Surviving Oppression: Responses of Oppressed People at the Personal Level
Acts of Privilege at the Personal Level
Case Example 4.1 continued: Margaret's Privilege
5. Oppression and Privilege at the Cultural Level
Culture (The "Poor Cousin" in Social Work)
The Dominant Culture
Personal Experience 5.1 Media Bias against Social Protest
Popular/Mass Culture
Critical Social Theories of Culture
Case Example 5.1 Simulated Family Life Today
Stereotypes as Cultural Expressions of Oppression
Case Example 5.2 An Inadequate Mother or Oppressive Expectations?
Personal Experience 5.2 An Unconscious Act of Oppression
Language and Discourse as Mechanisms of Oppression (and Anti-Oppression)
Social Work and Cultural Oppression
Case Example 5.3 Social Work Reproduces Gender and Racial Oppression
Privilege at the Cultural Level
Whiteness and Privilege
Privilege as a Category of Analysis, Model of Lived Experience, and Cultural Narrative
Social Work and Privilege at the Cultural Level
6. Oppression and Privilege at the Structural Level
Social Relations and Oppression
Personal Experience 6.1 Attending Multicultural Celebrations
The Politics of Difference
Economic Relations and Oppression
Political Relations and Oppression
Case Example 6.1 Two Societies
Effects of Structural Oppression
Social Determinants of Health
Privilege at the Structural Level
7. Internalized Oppression and Domination
Psychology of Oppression
Inferiority and Internalized Oppression
The Master-Slave Paradigm
Case Example 7.1 More than 35 Million Slaves
False Consciousness
Personal Experience 7.1 "Life Would Be a Whole Lot Simpler"
Other Perspectives on Internalized Oppression
Case Example 7.2 "I Made It without Help. Why Can't They?"
Psychology of Liberation
Internalized Domination and Privilege
Personal Experience 7.2 From Social Leprosy to Social Respectability
Case Example 7.3 "Black Is Beautiful"
8. The "Web": The Multiplicity, Intersectionality, and Heterogeneity of Oppression and Privilege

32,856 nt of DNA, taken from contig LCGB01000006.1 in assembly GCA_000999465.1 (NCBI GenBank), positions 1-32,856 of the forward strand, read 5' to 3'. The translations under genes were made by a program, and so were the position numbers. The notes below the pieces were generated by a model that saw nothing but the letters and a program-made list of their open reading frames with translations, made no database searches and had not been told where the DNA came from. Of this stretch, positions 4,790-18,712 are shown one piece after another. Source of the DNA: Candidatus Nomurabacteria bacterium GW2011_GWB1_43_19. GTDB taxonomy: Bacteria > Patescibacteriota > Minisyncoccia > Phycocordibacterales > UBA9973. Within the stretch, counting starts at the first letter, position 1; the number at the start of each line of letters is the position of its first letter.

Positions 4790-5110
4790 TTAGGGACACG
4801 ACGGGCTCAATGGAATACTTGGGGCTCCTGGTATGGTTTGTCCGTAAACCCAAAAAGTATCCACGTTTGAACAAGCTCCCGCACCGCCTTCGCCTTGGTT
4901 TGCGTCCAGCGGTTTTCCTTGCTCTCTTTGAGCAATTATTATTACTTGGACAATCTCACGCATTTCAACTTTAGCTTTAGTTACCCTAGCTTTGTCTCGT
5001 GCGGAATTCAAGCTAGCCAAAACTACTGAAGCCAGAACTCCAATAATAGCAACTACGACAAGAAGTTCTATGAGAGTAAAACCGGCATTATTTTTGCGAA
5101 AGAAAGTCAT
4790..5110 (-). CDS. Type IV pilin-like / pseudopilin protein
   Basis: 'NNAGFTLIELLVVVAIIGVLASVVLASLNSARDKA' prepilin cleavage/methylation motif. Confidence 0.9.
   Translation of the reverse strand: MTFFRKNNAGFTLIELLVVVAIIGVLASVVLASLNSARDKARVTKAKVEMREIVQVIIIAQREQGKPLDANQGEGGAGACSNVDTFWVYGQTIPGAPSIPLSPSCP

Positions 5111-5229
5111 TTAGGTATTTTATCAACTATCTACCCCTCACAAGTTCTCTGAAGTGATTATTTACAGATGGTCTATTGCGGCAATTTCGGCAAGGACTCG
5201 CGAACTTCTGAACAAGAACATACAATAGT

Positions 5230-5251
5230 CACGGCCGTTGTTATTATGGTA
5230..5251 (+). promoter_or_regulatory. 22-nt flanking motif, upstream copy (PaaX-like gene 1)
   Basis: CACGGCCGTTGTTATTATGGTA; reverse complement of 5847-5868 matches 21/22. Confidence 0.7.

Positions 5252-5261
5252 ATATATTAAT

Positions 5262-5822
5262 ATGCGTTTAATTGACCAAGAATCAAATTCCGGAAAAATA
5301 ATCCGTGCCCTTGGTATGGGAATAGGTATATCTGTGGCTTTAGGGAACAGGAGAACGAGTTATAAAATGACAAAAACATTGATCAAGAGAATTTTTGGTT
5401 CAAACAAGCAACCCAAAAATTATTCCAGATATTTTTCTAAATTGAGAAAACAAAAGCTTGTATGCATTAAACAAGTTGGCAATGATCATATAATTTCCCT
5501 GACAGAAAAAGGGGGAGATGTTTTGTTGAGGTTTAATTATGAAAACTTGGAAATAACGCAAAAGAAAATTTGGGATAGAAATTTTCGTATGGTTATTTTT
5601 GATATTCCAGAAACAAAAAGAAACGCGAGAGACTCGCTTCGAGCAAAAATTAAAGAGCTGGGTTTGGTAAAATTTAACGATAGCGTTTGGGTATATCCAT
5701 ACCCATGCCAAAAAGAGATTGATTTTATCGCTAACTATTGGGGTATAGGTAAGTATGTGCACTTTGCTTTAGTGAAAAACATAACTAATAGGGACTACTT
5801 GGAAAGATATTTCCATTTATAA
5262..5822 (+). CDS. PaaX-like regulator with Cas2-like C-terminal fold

Multiple Identities and the Persistence of Domination and Oppression
Case Example 8.1 Initial Impressions of an Intake Worker
Models of Multiple Oppressions
Intersectional Analysis
Case Example 8.2 "What Is It about Me?"
Heterogeneity within Oppressed Groups
Case Example 8.3 A Despicable Political Response
9. Anti-Oppressive and Anti-Privilege Social Work Practice at the Personal and Cultural Levels
Anti-Oppressive Practice at the Personal Level
Case Example 9.1 Gay Pride
Personal Experience 9.1 "Don't Take It Personally"
Personal Experience 9.2 "Okay, Take It Personally If You Want, but I'm Moving On!"
Anti-Oppressive Practice at the Cultural Level
Case Example 9.2 Ethics and Culture (Not All Cultural Practices Are Inherently Good)
Personal Experience 9.3 A Creative Method of Resistance
Case Example 9.3 Freeloaders
Case Example 9.4 Gandhi and a Very Good Idea
Challenging the Organization
Anti-Privilege Practice at the Personal and Cultural Levels: What Can We Do?
Case Example 9.5 Sam and His Intersectional Identities
Personal Experience 9.4 Using My Privilege to Advance the Cause
10. Anti-Oppressive and Anti-Privilege Social Work at the Structural Level with Principles for All Levels
Anti-Oppressive and Anti-Privilege Practice at the Structural Level
Personal Experience 10.1 Working within an Effective Alternative Organization
Personal Experience 10.2 Whose Ethics?
Selected Principles of Anti-Oppressive and Anti-Privilege Social Work Practice
Case Example 10.1 Critical Self-Reflection Needed Here!
The Constructive Use of Anger
"This text is critical to social work practice in Canada. . . . It provides a thorough theoretical foundation to understand oppression. The chapter on privilege is essential for social work students."
--Brigette Krieg, University of Regina
"I think this book is excellent. I really like Mullaly's directness re: the importance of theory and [...] criticisms of mainstream practice, the tables and [figures] are well-done, his outlining oppression at personal, cultural, and structural levels is useful, . . . and I like his exploration of privilege and how we harm others without conscious intent . . . I love Mullaly's work."
--Susan Hillock, Trent University